“My Vote is Freedom’s Privilege.”
“Vote as you shall wish you had when you come to die.”
“Vote–or shut up!”
In the weeks before Election Day, anyone opening a newspaper in the twentieth century could expect to find a reminder–on the front page, on the editorial page, or in a paid advertisement–of the importance of voting. This message might describe voting as a civic responsibility, as a tool for change, as an act of self-preservation, or as a right to aspire to. The tone of the message might be inspirational, matter-of-fact, or even borderline rude.
On October 29, 1924, Wisconsin’s Vilas County News sternly informed its readers that voting “is a privilege that carries with it the responsibility of the good American citizen to carry on the work of the patriots who gave us the Declaration of Independence.” It ended its column with a challenge: “Do not be a slacker–in this duty of citizenship. Vote–or shut up!”
The readers of the United Automobile Worker, a union newspaper in Detroit, were reminded in October of 1946, that voting can be a means for implementing change and addressing material needs. “Take your gripes to the ballot box on election day this year….throw your punches at the politicians in the 79th Congress who voted us into this mess….Fill up the ballot boxes with votes for fuller ice boxes!”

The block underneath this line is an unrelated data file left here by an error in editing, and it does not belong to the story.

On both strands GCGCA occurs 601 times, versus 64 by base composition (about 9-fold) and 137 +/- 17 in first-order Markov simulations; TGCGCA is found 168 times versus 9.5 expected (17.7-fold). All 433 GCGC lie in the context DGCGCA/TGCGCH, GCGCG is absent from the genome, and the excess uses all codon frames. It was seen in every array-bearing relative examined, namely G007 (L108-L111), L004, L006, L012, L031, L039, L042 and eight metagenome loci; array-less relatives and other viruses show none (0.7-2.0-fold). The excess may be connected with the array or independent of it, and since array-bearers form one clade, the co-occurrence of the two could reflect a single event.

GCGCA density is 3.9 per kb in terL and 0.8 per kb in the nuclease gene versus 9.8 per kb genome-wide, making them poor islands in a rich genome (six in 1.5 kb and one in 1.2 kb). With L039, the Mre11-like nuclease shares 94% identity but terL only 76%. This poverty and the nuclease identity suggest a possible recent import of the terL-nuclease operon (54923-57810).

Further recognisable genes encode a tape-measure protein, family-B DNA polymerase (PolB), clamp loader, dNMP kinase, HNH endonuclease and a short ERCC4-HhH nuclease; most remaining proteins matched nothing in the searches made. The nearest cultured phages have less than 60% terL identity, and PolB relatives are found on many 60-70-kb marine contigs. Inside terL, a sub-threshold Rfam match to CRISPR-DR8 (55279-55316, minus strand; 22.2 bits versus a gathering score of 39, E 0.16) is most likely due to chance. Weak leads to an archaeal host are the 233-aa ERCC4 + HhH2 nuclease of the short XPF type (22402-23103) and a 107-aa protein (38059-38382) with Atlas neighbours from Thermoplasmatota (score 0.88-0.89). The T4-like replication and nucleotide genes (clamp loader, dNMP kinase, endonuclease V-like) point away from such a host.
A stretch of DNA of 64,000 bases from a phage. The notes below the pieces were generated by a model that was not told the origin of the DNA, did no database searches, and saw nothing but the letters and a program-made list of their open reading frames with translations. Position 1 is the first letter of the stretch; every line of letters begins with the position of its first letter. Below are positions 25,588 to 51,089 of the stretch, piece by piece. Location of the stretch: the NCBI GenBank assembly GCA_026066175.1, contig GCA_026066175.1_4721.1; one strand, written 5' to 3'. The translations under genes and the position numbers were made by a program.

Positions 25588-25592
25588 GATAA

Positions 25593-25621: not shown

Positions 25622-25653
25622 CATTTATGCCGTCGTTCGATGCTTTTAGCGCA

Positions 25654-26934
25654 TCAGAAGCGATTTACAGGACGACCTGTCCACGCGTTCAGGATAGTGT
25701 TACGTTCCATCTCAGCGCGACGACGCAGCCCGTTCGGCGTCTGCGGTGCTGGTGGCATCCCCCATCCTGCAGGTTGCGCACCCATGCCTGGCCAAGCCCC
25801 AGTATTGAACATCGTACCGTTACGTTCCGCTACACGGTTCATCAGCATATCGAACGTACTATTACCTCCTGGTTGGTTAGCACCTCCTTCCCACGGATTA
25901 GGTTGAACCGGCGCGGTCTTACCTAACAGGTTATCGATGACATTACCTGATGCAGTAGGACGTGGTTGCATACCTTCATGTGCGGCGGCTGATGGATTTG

The Adak Sun, published at a U.S. Naval Station in the Aleutian Islands (“from the wind kissed playground of the Bering Sea”), urged service members on September 19, 1960, to make use of the absentee ballot. “….is there such a critter as a ‘good’ citizen who stays away from the polls?”
In 1913, seven years before the 19th Amendment to the U.S. Constitution granted women the right to vote, the Maryland Suffrage News called for suffrage activists to campaign at polling places on Election Day. This work “shows by the obvious self-sacrifice that it entails that women really wish to vote, and second, it affords an unparalleled opportunity for reaching the voters.”
By searching for “Election Day” in Chronicling America, students can find many more historic newspaper features urging readers to vote. The following questions might help students explore these features further.
- What persuasive techniques do the newspapers use to advance their case for voting?
- What clues can help students identify what audience the article is addressing? Who is included in the article’s appeal? Who is excluded?
- How could these appeals be made using today’s communication channels? How would they be similar or different?
Students can use the Library’s Primary Source Analysis Tool and Teacher’s Guide to Analyzing Newspapers to examine these newspapers more closely.
If your students make Election Day discoveries in our collections, let us know in the comments!
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